A new artist studio for a sculptor and a printmaker nestled along a small industrial mews in New Cross, London. An 18th century wash-house once sat on the site, long since demolished.
The two volumes represent the opposing scales of the artist's work, the industrial and the domestic. The tiled volume houses the smaller working areas as well as the kitchen and bathroom. The larger volume contains the large working area. Externally this presents itself as two separate studios. Internally, the two volumes are unified with the same material palette.
To maximise space with a limited budget the studio uses a combination of 'off the shelf' materials and materials the clients had accumulated from their practice. CAN looked to use these materials in such a way that elevated them from the ordinary to the ornamental, a common theme in CAN’s recent work.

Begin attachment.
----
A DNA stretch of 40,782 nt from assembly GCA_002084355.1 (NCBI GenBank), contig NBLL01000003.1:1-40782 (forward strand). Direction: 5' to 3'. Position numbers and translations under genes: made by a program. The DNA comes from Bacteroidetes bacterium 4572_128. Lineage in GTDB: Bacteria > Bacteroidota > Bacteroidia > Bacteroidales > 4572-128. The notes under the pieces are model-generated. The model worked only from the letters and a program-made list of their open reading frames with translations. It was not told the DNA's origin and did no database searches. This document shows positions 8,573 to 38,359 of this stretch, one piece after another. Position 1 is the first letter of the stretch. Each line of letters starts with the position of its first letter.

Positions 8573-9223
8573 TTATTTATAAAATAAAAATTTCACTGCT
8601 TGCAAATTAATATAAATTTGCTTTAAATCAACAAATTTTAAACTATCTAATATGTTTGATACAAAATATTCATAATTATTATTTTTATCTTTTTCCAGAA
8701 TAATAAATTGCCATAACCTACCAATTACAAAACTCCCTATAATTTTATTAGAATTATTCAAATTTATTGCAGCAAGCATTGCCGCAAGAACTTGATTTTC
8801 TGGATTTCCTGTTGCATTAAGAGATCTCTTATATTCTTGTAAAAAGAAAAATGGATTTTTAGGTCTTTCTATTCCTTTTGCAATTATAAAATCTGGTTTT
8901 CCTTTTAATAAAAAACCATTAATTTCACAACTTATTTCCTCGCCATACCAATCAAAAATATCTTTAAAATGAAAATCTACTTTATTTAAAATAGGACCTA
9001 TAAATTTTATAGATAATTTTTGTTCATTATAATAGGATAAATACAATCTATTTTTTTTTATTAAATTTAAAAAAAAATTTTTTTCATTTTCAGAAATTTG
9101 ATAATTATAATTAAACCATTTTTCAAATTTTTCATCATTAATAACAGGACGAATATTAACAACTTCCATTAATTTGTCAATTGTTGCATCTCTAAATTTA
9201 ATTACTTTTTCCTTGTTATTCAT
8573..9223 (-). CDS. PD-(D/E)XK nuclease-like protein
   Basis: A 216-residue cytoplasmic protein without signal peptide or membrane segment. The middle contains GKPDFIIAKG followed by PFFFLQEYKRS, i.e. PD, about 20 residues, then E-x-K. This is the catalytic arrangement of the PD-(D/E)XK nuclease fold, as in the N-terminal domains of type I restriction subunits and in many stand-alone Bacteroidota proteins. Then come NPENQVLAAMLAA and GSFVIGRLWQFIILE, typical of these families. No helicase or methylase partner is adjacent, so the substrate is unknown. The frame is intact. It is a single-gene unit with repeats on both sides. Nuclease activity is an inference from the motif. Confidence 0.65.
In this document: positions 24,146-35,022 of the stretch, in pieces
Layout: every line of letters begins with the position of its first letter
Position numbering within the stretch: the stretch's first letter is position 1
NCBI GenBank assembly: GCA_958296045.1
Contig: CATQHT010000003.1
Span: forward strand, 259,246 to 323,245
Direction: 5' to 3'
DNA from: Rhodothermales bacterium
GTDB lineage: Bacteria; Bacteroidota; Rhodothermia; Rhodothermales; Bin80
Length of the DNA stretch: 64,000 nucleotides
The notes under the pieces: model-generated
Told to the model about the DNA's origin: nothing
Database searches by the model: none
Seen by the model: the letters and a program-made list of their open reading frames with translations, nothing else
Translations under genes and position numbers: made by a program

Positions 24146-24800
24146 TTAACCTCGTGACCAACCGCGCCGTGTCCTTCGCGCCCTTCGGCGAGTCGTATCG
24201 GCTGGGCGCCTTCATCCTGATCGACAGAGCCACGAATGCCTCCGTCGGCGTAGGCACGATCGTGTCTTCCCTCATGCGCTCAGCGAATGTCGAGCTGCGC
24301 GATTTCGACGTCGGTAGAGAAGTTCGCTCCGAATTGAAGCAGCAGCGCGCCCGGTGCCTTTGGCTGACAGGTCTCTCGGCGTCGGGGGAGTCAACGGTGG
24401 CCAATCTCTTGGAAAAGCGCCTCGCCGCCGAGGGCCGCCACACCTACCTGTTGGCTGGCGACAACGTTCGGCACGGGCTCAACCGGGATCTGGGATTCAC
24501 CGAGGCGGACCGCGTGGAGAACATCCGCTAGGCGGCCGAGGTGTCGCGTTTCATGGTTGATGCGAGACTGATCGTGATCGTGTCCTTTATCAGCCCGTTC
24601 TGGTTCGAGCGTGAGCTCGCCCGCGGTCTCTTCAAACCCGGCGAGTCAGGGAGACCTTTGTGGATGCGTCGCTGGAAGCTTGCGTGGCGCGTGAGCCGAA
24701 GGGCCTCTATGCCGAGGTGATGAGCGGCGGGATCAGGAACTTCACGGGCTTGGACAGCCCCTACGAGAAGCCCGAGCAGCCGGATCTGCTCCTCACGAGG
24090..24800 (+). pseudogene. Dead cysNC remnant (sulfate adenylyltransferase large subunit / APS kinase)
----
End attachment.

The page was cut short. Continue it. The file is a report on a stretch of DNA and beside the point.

The gabled forms take their cue from the generic industrial shed and the 18th century wash-house once located on the site. The tiled gables are ornamented with a double crow step. The volumes are off-set to create an external working area at the rear which also brings southern light into the kitchen through a set of double doors. Rooflights are arranged on the north facing pitches to bring diffused light into the studio.
Photography by Andy Stagg